As Dave left my office, I couldn’t help but reflect that it seemed as if for every high that we saw, a low quickly followed behind. I went back to my computer and started to look at the numbers again, when I got notice that I had a new e-mail. As I wanted a diversion, I took the time to open it. It was an advertisement for a seminar on spare parts management and even though I didn’t think I would go, I began to be intrigued by the topics. They were going to talk about optimum inventory turns, stock outs, and economical reorder quantities, and would try and figure out what were the myths and what were the facts. The suggested savings if you did things right were quite impressive.

The presenter of the seminar had recently published a book explaining what the terms meant and trying to dispel the myths around spare parts. I knew our spare parts were definitely not optimized, unless that meant we had too many. Kevin, our electrical supervisor, had already told me we had a spare motor for every roll drive on the wet end of the machine, when we only really needed one with adapter plates.

How much more of that did we have, I wondered? And before I realized what I was doing, I had ordered the book.

I remembered that we had shipped a couple of motors to our sister mills and I thought I’d check with Kevin about where we were with the rest.

“We’re pretty much down to our minimum now, Bob. But we’ve cut our inventory by half. We’ve also made some other improvements in the stores. Larry, our electrician, was changing the encoder on the rewinder last shutdown — you remember the expensive German one? Well after he’d used the last one, I was a little concerned that we would be exposed because the delivery time on the encoder is six weeks. So I asked Larry to make sure the order had been placed.

“Rather than rush off to do so, Larry suggested that we stop ordering the German encoder. He pointed out that we could use a US-made encoder that had exactly the same functionality, with a slightly different mount, and that if we drilled and tapped two holes in the rewinder frame, it could fit. Not only that, but our local supplier has them on the shelf, so we could get one here within an hour. The cost of the German encoder is $3,500 and the US one is $950, and we already have one in stock.”

“That’s great,” I told Kevin. “I’m glad to see you’re getting with the program.”

“Not only with that Bob, but I print out my backlog list every week and I’ve told the guys that there needs to be a work order for everything. When I went to tell Fred, our production manager, that the operators would have to put in work requests from now on, I was shocked, because he told me it was about time! That’s not the Fred I’m used to.”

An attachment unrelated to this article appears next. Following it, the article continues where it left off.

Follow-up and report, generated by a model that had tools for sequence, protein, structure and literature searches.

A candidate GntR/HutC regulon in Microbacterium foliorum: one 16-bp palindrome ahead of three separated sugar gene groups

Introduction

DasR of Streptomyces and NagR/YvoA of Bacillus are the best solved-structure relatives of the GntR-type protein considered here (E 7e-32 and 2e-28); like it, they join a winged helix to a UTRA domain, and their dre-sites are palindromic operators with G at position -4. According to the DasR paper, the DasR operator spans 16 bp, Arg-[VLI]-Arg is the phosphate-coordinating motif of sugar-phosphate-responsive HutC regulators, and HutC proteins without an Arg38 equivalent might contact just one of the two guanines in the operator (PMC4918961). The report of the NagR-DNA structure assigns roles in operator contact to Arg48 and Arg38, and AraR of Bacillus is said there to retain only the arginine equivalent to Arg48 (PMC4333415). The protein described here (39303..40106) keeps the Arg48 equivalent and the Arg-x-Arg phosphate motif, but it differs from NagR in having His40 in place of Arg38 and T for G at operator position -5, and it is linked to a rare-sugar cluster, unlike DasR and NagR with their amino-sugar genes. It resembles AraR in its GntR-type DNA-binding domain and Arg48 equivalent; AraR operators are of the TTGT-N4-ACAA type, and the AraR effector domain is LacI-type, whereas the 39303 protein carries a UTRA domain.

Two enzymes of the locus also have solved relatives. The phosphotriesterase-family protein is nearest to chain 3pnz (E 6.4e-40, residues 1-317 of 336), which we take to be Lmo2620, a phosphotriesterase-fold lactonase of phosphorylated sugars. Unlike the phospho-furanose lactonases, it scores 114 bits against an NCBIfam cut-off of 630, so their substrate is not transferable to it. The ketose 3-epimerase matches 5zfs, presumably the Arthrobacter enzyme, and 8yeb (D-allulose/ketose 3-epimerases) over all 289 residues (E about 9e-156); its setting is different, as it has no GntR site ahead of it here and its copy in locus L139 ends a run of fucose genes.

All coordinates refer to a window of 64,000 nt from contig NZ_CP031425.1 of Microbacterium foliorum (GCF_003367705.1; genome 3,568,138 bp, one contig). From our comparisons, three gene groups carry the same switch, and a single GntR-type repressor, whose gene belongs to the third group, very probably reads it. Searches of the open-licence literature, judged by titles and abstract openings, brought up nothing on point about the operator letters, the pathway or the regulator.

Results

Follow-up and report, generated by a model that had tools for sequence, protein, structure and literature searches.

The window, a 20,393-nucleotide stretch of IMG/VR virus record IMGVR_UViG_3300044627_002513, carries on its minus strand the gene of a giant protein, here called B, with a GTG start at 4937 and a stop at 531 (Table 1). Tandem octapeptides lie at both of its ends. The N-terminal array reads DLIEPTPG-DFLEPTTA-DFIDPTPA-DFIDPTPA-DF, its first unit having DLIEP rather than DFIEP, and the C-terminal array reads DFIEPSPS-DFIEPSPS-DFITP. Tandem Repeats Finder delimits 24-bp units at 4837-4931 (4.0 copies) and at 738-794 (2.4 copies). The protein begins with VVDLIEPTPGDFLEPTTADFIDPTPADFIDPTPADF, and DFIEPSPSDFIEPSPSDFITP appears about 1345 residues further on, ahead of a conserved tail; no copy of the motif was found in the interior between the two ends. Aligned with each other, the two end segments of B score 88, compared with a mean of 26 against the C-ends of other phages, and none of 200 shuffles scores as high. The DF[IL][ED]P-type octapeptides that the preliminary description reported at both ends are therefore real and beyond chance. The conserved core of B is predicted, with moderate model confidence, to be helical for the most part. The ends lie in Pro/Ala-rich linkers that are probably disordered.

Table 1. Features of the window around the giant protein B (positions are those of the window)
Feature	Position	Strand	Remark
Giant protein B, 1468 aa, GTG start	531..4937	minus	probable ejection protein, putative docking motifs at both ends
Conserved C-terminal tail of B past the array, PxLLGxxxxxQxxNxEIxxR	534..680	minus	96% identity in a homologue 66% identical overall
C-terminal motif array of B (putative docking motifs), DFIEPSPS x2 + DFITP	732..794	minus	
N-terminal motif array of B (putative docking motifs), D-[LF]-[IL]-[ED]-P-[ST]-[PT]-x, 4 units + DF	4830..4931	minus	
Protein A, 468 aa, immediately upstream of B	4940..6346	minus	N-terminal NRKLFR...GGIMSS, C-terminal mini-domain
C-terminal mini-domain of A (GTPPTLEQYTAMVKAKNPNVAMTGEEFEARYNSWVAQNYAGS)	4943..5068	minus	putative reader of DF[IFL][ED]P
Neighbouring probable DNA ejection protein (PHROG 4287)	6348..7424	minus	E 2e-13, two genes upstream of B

“Like I told you a couple of weeks ago, it’s not business as usual any more, and I’m glad to see you contributing, Kevin.”

“Well, Larry contributed even more. He said that while he was in the storeroom, he noticed that there were boxes of fuses that were the same rating, just different manufacturers, and all with different part numbers. So we combined them by rating and I don’t think we’ll have to buy a fuse for a couple of years.”

Carol had told me some months ago that we were a little worse than North American average for stock turns, so I knew she had access to some information. I wondered how much more information she could get. I was sure we would be better than we were before, but I also felt there were a lot more opportunities to reduce our inventory, while reducing our spending.

Carol confirmed that we were a little improved, but she admitted that she hadn’t looked at the inventory module of the maintenance system in any depth.
She promised to at least get me what we could produce in the way of reports by the end of the week.

Later that evening, I sat with my wife, Sandy, and told her about Dave’s leaving and how I felt a loss.

“Bob, you should definitely take it as a compliment. You showed Dave that there was another way of managing, and I’m sure that allowing him to work with the suppliers on the pumps gave him confi-dence. You should use this as an example of what people can get out of taking initiative and encourage the rest of the guys to do the same. Not all are going to want to be supervisors, but I’m sure all will want an enriched, more engaged workplace.”

Next, I prepared myself to tell the guys about Dave the next morning.

Cliff Williams is the corporate maintenance manager at Erco Worldwide in Toronto, ON, and a consultant with TMS — Total Maintenance Solutions Inc., Markham, ON. He can be reached by e-mail at


Key Points

If you do things right, someone moving up and on is inevitable.

Standardization and rationalization provide great savings.

You need to understand what your CMMS can tell you.